For example, let’s say that you own a 25-unit apartment building. While the property has a good cash flow, it is very management-intensive and is being affected by depreciation and deferred maintenance – making it a less than attractive investment for a retirement account. You can sell the building utilizing a 1031 exchange and reinvest the proceeds into the purchase of a medical investment grade income property. It would first be placed into a Limited Liability Company (LLC) and then into the self-directed retirement account. This would all happen without paying one single dime in capital gains or depreciation recapture taxes.
Now you would have a low-risk real estate investment with a long-term reliable income stream held securely in your retirement account. The NNN lease releases you of all management responsibilities. The rental income is deposited into the retirement account and the net income is reinvested into other diversified investments to create a compounding income stream. What is not to love?
Assemble an Investment Team
Reorganizing a retirement portfolio can be intimidating and initially quite time consuming. But do not let this hold you back from taking control of your retirement planning and maximizing the benefits of placing medical real estate inside your retirement portfolio.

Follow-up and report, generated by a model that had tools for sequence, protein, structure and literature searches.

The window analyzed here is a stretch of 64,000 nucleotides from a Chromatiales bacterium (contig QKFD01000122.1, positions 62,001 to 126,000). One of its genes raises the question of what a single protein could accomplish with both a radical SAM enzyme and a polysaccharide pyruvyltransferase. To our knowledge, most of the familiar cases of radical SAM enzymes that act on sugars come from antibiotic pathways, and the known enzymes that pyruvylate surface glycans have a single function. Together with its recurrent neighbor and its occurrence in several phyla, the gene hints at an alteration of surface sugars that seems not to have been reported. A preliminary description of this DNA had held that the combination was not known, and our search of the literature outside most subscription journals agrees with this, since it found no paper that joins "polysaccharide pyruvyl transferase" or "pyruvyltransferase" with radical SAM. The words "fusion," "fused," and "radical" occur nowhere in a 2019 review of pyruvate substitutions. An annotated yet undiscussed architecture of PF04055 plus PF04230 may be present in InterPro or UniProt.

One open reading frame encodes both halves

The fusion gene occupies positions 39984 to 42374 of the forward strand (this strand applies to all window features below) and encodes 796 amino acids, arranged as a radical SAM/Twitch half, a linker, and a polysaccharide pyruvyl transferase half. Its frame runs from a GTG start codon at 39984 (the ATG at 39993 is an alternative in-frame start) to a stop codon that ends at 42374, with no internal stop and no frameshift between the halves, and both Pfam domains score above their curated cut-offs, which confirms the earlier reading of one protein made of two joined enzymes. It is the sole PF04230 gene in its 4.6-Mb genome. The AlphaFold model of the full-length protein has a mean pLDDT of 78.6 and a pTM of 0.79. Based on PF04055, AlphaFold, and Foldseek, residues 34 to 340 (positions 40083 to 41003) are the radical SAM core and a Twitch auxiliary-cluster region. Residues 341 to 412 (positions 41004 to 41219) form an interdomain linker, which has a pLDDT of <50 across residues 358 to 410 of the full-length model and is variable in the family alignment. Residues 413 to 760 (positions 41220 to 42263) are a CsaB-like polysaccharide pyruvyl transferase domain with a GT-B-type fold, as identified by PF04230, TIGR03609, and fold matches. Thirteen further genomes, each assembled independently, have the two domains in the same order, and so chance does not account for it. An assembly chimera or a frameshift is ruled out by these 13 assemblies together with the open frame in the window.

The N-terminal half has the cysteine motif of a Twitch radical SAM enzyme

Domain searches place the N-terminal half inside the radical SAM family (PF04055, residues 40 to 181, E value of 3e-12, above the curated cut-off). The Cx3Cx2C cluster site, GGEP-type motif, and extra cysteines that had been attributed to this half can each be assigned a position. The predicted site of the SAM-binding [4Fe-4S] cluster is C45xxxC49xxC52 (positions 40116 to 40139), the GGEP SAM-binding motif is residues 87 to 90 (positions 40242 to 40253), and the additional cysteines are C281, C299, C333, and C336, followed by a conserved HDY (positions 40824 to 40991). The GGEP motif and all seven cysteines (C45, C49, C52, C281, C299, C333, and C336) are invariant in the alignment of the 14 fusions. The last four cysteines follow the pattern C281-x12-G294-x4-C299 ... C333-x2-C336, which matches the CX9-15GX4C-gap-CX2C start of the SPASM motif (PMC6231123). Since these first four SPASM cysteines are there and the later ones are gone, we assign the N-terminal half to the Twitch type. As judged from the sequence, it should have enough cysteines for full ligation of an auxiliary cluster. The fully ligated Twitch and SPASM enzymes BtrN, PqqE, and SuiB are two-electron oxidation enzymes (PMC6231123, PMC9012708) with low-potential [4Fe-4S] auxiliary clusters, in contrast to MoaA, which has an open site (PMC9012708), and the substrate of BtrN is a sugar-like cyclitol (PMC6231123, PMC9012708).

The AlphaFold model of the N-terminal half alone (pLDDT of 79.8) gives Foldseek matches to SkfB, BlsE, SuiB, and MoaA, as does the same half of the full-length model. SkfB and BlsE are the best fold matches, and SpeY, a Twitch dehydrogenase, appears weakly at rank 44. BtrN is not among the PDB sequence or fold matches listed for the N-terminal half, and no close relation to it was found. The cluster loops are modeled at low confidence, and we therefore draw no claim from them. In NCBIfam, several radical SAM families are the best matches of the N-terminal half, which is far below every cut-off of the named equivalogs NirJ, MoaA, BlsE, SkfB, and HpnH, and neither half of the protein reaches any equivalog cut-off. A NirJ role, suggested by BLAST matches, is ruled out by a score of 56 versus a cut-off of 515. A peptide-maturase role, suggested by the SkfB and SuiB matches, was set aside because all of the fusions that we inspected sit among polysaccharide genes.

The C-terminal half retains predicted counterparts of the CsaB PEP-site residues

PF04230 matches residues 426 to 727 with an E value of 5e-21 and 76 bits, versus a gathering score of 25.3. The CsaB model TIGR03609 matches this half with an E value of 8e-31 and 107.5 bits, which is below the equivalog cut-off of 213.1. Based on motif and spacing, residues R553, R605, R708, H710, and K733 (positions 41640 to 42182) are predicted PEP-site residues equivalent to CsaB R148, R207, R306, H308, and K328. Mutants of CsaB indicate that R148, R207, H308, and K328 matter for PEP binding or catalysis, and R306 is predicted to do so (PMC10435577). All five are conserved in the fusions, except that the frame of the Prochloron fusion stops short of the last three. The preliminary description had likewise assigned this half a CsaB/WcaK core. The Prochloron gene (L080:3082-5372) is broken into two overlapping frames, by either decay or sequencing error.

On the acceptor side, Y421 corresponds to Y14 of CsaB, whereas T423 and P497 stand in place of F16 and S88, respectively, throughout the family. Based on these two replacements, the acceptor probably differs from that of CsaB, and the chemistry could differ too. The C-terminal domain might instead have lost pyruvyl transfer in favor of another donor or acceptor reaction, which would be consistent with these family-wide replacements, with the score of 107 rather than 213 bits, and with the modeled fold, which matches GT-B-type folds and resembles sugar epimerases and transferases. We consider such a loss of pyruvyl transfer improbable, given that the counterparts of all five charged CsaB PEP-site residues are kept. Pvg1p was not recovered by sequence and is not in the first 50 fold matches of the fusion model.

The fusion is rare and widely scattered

One way to facilitate any portfolio changes is to assemble an investment team. First choose a real estate broker that specializes in investment grade income properties and 1031 exchanges. They will then work closely with your financial advisor and accountant. They will help you to find, fund, acquire, and exchange a medical investment grade income property as an alternative to stock market investments – giving you the opportunity to make medical real estate pay for your retirement.
I help investors find, fund, acquire and exchange Investment Grade Income Property. My area of expertise is long-term net leased properties to corporate-grade tenants. Our industry research and expertise allows my clients to learn about and access the best sectors, tenants, and opportunities normally reserved for institutional investors.
The Editorial Team at Healthcare Business Today is made up of skilled healthcare writers and experts, led by our managing editor, Daniel Casciato, who has over 25 years of experience in healthcare writing. Since 1998, we have produced compelling and informative content for numerous publications, establishing ourselves as a trusted resource for health and wellness information. We offer readers access to fresh health, medicine, science, and technology developments and the latest in patient news, emphasizing how these developments affect our lives.